Interview: Ian Tarutia
How would you assess the current performance of the superannuation industry?
IAN TARUTIA: I believe that the superannuation industry in Papua New Guinea (PNG) is thriving in terms of profitability, membership growth and client servicing.
Having said that, the industry is mature enough for the various players to become more proactively engaged in improving performance. It would be possible to make a difference in some critical areas of the domestic economy such as health and housing, provided that we work hand in hand with the government.
Indeed, many of our members are pertinently asking why they should grow their retirement funds when they are still sleeping in settlements. This issue could be addressed by investment in housing, but for that to succeed we would require the government to deliver on basic infrastructure, including land, water, roads and electricity. If these expenses are left up to us when a project is being developed, we would have no choice but to pass it on to the consumers and the concept of affordable housing would lose its meaning in the process.
What kind of legislation should be introduced to expand the reach of the superannuation industry?
TARUTIA: Providing universal coverage is the way to go for PNG. Under the existing law only companies with a minimum of 15 employees automatically become part of the superannuation scheme. This cut-off point means a sizeable chunk of the population remains excluded from any real social security network. Considering that this law was introduced in the 1980s, when the number of employees exemplified the success of a business, it needs a revision as the economic landscape has changed dramatically since then.
With the help of technology, self-employed people today can often become successful entrepreneurs and it seems logical to me that they should also be part of the superannuation net. At the moment only 500,000 people are active participants in PNG, out of a total population of over 7m, clearly a small percentage compared to the rest of the region where as much as 70-80% of the population pays superannuation. One may argue that Fiji, Vanuatu and the Solomon Islands have a small population when compared to PNG, but the real reason for their higher rates of penetration is because their laws provide for universal coverage. I do not see why PNG should be any different from that.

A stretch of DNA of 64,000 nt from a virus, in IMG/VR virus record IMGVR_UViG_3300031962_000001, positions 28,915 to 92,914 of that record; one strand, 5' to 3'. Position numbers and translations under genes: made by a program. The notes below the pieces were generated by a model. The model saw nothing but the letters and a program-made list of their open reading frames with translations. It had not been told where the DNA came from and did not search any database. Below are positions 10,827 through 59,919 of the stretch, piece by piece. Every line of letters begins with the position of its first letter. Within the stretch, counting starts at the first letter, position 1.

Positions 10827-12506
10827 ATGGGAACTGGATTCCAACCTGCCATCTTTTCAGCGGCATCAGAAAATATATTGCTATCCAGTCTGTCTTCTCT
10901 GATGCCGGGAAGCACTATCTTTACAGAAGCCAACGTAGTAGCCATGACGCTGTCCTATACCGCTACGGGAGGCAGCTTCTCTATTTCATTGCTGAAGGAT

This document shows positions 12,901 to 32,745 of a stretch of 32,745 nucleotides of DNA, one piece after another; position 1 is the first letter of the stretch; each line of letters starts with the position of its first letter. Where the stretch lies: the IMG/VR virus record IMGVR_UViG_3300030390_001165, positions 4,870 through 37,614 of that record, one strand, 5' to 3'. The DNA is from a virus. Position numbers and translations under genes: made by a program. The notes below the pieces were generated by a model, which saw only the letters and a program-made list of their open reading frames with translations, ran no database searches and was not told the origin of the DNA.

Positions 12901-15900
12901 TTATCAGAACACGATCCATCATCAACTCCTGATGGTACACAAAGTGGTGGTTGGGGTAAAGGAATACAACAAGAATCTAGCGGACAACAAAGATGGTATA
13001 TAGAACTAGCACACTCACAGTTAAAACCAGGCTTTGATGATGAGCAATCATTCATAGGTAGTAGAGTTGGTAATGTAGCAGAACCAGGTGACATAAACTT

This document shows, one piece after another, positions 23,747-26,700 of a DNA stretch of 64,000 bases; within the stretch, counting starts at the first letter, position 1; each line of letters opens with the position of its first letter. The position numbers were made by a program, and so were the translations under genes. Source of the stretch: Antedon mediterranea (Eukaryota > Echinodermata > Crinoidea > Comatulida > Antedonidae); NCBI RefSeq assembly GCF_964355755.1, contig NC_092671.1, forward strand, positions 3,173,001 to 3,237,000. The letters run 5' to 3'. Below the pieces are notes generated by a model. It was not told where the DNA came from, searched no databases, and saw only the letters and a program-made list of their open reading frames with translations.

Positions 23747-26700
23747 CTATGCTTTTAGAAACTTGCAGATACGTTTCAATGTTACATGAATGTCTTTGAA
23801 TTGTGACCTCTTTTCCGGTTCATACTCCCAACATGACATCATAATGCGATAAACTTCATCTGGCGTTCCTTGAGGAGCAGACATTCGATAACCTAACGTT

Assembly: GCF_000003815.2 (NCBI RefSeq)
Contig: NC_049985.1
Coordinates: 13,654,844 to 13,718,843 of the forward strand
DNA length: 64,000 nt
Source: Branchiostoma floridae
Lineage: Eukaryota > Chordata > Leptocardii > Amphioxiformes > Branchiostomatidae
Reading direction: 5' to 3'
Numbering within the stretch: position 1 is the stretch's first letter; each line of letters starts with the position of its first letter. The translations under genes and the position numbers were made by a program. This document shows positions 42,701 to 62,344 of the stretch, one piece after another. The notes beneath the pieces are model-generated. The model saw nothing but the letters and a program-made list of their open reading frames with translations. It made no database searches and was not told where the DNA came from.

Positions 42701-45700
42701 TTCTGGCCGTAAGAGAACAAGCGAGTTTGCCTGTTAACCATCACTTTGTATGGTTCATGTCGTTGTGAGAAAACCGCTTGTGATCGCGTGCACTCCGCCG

To what extent could voluntary superannuation schemes address the problem?
TARUTIA: We have introduced Eda Supa, a voluntary superannuation scheme for people who are self-employed, run small businesses or work in a small establishment with fewer than 15 employees. The scheme has attracted some 24,000 people over three years and it is evidence that anyone who is earning some form of income would potentially want to save in a superannuation environment.
Having said that, I do not see the voluntary scheme as a substitute for universal coverage. Indeed, our regulator is currently establishing a task force to review the existing superannuation legislation. Taking mobile phone penetration as a point of reference, around 4m people in PNG own a handset, which shows that they are earning some sort of income. By introducing universal coverage, we will be able to attain the same range of coverage over a shorter period of time.
Does the size of the PNG market justify several players currently offering superannuation products?
TARUTIA: The superannuation industry remains too small in PNG to warrant the inclusion of multiple funds. Provided that all relevant regulations are formulated soundly and enforced properly, it makes more sense for one institution to provide services to a large bulk of the population. In an economy of scale, industry requires a larger balance sheet to be more competitive, so making the right investments forms only one part of a flourishing business. As a result, we should be functioning as catalysts for larger endeavours in the social sphere.
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